- The Washington Times - Tuesday, March 2, 2010

Pros as amateurs

“What were the odds that two teams of mercenary, millionaire pros from the U.S. and Canada would breathe new life into those hopelessly romantic words that helped revive the modern Olympics more than a century ago? The ones about how competing honorably was even more important than winning?

“But they made it happen. At least for one afternoon … It’s easy to be cynical about two teams of NHL all-stars donning their national colors for two weeks and putting forth one grand, no-holds-barred effort. …

“Barely 24 hours after the medals were doled out, players on both teams were scheduled to be back in the NHL. They’ll be working and practicing alongside and against one another in different combinations. Some will be depending on former enemies as teammates for their livelihoods.

“In some cases, teammates will become enemies once more. U.S. defenseman Brian Rafalski and center Paul Stastny, for example, will be on opposite sides of the Detroit-Colorado game Monday night. Making it more interesting still, Canadian coach Mike Babcock will be back at his day job, behind the Red Wings bench. Yet the next time their paths cross, everyone who played in this game will be able to look one another in the eye and remember the magic they created. That will make even a meaningless NHL game, in the middle of a long, drawn-out season, something special.”



Jim Litke, writing on “Incredible final makes these best Winter Games,” for Yahoo Sports

Review gone

“Last month, Variety panned a thriller called ‘Iron Cross.’ But the review has been disappeared from Variety’s web site, which probably has something to do with the $400,000 Iron Cross’ producers paid to Variety for an awards campaign.

“‘Iron Cross,’ which ended up being Roy Scheider’s last film (he died during production), is a Holocaust revenge fantasy in which Scheider, a Holocaust survivor and NYPD cop, hunts down and kills the SS officer who killed his family. It’s also, according to Variety freelancer Robert Koehler, who reviewed it for the Hollywood trade paper on January 20, ‘hackneyed,’ ‘preposterous,’ ‘mediocre,’ ‘choppy,’ and ‘uncertain.’

“But if you want to read Koehler’s take on ‘Iron Cross,’ you’ll have to find it in Google’s cache, because it was promptly spiked from Variety’s web site.

“We’re told publisher Brian Gott ordered it removed after the movie’s producers called to complain. They had a point — according to the Los Angeles Times, they’d paid Variety $400,000 in a failed bid to mount an Oscar campaign.”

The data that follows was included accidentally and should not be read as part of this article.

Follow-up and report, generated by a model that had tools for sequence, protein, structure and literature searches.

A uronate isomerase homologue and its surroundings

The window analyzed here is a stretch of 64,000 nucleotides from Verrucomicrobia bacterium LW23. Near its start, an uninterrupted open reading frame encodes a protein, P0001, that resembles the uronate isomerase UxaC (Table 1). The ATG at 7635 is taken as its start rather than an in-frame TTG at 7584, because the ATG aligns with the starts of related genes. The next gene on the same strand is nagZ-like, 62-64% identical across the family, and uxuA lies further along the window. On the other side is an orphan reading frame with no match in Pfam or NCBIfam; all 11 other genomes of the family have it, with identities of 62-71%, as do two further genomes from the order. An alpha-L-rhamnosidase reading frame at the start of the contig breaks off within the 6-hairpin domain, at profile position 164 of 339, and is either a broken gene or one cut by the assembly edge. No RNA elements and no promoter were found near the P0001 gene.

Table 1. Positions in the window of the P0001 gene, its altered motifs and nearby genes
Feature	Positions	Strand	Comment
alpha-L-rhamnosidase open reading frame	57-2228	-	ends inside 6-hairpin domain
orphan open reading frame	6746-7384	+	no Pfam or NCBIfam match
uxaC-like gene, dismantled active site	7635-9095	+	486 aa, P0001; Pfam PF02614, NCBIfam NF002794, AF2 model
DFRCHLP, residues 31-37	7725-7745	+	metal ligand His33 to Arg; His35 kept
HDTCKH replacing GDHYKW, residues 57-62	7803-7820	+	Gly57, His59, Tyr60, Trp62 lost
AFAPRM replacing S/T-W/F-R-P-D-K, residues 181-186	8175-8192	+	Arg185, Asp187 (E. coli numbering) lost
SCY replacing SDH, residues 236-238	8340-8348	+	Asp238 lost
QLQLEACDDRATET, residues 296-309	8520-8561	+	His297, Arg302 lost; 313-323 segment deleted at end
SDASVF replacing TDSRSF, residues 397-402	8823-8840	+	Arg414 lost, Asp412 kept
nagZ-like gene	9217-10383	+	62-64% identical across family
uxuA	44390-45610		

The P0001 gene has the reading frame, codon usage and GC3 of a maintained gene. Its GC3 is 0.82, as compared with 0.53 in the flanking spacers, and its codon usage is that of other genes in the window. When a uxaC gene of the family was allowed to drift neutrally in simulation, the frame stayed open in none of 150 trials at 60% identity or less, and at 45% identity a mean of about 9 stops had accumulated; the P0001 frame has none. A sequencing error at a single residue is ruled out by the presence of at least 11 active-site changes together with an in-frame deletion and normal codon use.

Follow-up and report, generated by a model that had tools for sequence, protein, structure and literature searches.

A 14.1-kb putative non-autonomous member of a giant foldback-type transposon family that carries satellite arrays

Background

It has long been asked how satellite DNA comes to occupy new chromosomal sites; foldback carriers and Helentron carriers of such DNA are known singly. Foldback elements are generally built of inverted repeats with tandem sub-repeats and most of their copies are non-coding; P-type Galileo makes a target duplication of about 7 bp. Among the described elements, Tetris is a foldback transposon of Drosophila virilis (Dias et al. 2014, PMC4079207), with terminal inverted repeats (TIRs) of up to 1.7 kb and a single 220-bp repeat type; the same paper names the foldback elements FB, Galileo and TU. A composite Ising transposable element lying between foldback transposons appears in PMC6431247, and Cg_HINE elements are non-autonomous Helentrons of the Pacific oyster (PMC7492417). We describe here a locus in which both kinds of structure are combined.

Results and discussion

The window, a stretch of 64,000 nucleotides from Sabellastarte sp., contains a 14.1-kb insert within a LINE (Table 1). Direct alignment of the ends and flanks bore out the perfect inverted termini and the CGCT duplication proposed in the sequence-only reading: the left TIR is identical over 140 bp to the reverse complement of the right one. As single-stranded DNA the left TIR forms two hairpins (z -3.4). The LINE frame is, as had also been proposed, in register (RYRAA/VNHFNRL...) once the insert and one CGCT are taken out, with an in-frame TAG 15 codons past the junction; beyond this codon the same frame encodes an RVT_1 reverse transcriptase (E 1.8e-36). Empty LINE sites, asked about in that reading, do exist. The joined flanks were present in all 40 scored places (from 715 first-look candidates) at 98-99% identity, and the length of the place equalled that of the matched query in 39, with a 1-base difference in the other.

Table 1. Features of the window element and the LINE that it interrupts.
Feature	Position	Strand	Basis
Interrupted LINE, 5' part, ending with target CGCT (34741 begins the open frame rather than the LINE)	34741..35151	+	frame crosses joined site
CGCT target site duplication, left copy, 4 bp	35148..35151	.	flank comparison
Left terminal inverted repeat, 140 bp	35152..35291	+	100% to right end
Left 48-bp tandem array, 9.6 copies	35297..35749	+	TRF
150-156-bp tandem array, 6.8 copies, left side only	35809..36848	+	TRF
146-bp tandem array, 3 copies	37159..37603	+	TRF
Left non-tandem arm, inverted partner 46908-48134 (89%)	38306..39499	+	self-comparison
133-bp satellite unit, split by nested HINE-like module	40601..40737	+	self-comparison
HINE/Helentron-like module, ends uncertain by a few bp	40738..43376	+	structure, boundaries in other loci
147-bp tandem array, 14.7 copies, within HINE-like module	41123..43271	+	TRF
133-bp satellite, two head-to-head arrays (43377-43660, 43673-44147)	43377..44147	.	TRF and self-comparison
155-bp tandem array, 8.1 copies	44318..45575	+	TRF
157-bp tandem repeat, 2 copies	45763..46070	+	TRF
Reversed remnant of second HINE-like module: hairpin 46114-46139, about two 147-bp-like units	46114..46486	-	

John Cook, writing on “Variety Will Kill a Bad Review of Your ‘Mediocre’ Movie For Just $400,000,” on Feb. 26 at the Gawker blog, the Defamer

When in Moscow

“Someone, apparently, had it out for The Exile. But who? [Editor-in-chief Mark] Ames likes to indulge a grandiose paranoia whenever possible, and did. A functionary? An enraged oligarch? Someone on President Dmitry Medvedev’s staff, or, more to the point, in Prime Minister Vladimir Putin’s circle of spooks? (The Exiles first cover story on Putin, in 1999, grafted the man’s head onto the body of a latex-clad dominatrix over the headline ‘Putin commands Mother Russia: Kneel!’)

“Egotism aside, the possibilities were in fact endless. Since its debut, in 1997, The Exile, which read like the bastard progeny of Spy magazine and an X-rated version of Poor Richard’s Almanack, had pilloried, in the foulest terms possible, almost everyone of importance, and no importance, in Russia …

In its time The Exile was arguably the most abusive, defamatory, un-evenhanded, and crassest publication in Russia, and Ames and his staff had paid for that fact, or at least for the fact that they were arrogant reprobates, many times before. Columnist Edward Limonov, the 66-year-old political provocateur in whom the Federal Service officials were particularly interested, filed his copy from prison for two years after being convicted of possessing arms, which he admits he intended to smuggle into Kazakhstan in an effort to incite a coup there.”

James Verini, writing on “Lost Exile” on Feb. 23 at Vanity Fair

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